Two Out of Three Medical Students Do Not Know When to Wash Their Hands

Two Out of Three Medical Students Do Not Know When to Wash Their Hands

Washington, DC, December 1, 2011 - Only 21 percent of surveyed medical students could identify five true and two false indications of when and when not to wash their hands in the clinical setting, according to a study published in the December issue of the American Journal of Infection Control, the official publication of APIC - the Association for Professionals in Infection Control and Epidemiology.

Three researchers from the Institute for Medical Microbiology and Hospital Epidemiology at Hannover Medical School in Hannover, Germany collected surveys from 85 medical students in their third year of study during a lecture class that all students must pass before bedside training and contact with patients commences. Students were given seven scenarios, of which five (“before contact to a patient,” “before preparation of intravenous fluids,” “after removal of gloves,” “after contact to the patient’s bed,” and “after contact to vomit”) were correct hand hygiene (HH) indications. Only 33 percent of the students correctly identified all five true indications, and only 21 percent correctly identified all true and false indications.

Additionally, the students expected that their own HH compliance would be “good” while that of nurses would be lower, despite other published data that show a significantly higher rate of HH compliance among nursing students than among medical students. The surveyed students further believed that HH compliance rates would be inversely proportional to the level of training and career attainment of the physician, which confirms a previously discovered bias among medical students that is of particular concern, as these higher-level physicians are often the ones training the medical students at the bedside.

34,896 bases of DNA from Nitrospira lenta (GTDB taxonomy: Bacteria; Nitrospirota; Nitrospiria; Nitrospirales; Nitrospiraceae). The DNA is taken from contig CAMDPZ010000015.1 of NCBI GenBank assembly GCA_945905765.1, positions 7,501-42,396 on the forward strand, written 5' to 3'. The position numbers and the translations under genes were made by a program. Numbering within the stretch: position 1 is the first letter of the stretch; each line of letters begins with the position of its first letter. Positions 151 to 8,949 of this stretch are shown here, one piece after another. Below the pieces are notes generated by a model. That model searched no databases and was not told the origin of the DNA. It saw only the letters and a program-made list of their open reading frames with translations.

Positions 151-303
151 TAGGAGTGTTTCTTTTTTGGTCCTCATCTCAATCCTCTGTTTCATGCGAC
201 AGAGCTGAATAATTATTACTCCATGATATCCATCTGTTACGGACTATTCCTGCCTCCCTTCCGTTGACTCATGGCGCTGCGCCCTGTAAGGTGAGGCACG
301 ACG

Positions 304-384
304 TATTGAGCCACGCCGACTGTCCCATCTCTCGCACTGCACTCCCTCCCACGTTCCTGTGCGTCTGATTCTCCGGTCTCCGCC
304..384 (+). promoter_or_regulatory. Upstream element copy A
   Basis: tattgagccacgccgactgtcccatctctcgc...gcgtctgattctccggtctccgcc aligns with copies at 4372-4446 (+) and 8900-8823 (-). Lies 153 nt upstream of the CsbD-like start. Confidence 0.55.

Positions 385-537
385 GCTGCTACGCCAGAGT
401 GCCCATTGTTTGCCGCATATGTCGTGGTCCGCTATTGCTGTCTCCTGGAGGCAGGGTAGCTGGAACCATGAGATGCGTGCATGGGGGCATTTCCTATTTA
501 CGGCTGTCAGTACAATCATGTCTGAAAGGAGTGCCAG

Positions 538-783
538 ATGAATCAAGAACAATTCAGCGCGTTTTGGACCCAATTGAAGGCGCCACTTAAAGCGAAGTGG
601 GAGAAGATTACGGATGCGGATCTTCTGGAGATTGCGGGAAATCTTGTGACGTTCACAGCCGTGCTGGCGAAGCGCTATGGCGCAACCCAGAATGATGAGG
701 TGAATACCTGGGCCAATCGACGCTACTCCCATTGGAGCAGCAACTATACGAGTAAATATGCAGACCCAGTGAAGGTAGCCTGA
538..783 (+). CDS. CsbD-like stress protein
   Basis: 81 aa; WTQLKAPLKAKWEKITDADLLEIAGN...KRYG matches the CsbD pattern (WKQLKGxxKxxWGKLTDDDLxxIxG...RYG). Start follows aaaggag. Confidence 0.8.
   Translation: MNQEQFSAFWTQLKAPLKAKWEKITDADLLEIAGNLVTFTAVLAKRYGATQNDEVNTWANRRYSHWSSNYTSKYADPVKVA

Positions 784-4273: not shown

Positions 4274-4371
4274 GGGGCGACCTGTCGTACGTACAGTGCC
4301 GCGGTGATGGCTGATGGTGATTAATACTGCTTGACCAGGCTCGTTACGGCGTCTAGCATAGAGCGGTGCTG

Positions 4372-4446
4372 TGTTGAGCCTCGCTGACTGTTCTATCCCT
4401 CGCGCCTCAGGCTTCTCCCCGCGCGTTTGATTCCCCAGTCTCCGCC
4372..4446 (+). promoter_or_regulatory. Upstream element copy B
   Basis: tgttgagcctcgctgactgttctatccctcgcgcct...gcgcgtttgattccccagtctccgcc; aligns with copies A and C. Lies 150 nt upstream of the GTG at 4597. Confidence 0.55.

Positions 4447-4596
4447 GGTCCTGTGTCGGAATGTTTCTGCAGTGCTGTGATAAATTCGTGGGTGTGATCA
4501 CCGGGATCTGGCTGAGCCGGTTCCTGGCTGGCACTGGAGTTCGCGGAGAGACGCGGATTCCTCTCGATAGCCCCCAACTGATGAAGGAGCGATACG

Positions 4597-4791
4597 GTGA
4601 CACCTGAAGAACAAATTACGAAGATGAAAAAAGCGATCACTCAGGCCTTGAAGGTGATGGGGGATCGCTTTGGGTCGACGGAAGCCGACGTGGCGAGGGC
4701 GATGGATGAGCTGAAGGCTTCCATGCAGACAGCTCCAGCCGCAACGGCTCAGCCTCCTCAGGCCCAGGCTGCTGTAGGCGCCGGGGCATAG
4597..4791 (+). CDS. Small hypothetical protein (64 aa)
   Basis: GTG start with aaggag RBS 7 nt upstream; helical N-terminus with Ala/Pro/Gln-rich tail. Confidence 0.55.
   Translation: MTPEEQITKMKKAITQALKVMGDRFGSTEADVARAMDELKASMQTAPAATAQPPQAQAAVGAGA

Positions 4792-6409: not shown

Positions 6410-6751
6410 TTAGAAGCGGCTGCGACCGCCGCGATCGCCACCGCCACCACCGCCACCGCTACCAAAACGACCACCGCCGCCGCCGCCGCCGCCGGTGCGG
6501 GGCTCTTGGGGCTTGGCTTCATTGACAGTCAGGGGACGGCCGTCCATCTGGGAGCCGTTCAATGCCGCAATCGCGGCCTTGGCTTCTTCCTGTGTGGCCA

“There is no doubt that we need to improve the overall attitude toward the use of alcohol-based hand rub in hospitals,” conclude the authors. “To achieve this goal, the adequate behavior of so-called ‘role models’ is of particular importance.”


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Notes to editors
“Beliefs about hand hygiene: A survey in medical students in their first clinical year” appears in the American Journal of Infection Control, Volume 39, Issue 10 (December 2011). Full text of the article is available to journalists upon request; contact Liz Garman, APIC, + 1 202 454 2604, egarman@apic.orgto obtain copies.

Authors
Karolin Graf, MD, Institute for Medical Microbiology and Hospital Epidemiology, Hannover Medical School, Hannover, Germany.

Iris F. Chaberny, MD, Institute for Medical Microbiology and Hospital Epidemiology, Hannover Medical School, Hannover, Germany.

Ralf-Peter Vonberg, MD (Corresponding Author), Institute for Medical Microbiology and Hospital Epidemiology, Hannover Medical School, Hannover, Germany.

About AJIC: American Journal of Infection Control
American Journal of Infection Control (AJIC) ( www.ajicjournal.org) covers key topics and issues in infection control and epidemiology. Infection preventionists, including physicians, nurses, and epidemiologists, rely on AJIC for peer-reviewed articles covering clinical topics as well as original research. As the official publication of APIC - the Association for Professionals in Infection Control and Epidemiology - AJIC is the foremost resource on infection control, epidemiology, infectious diseases, quality management, occupational health, and disease prevention. AJIC also publishes infection control guidelines from APIC and the CDC. Published by Elsevier, AJIC is included in MEDLINE and CINAHL.

About APIC
APIC’s mission is to improve health and patient safety by reducing risks of infection. The association’s more than 14,000 members direct infection prevention programs that save lives and improve the bottom line for hospitals and other healthcare facilities around the globe. APIC advances its mission through education, research, collaboration, practice guidance, public policy,and credentialing. Visit APIC online at www.apic.org. For consumer-related information, visit www.preventinfection.org. Follow APIC on Twitter: http://twitter.com/apic.

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Media contact
Liz Garman
+1 202 454 2604
egarman@apic.org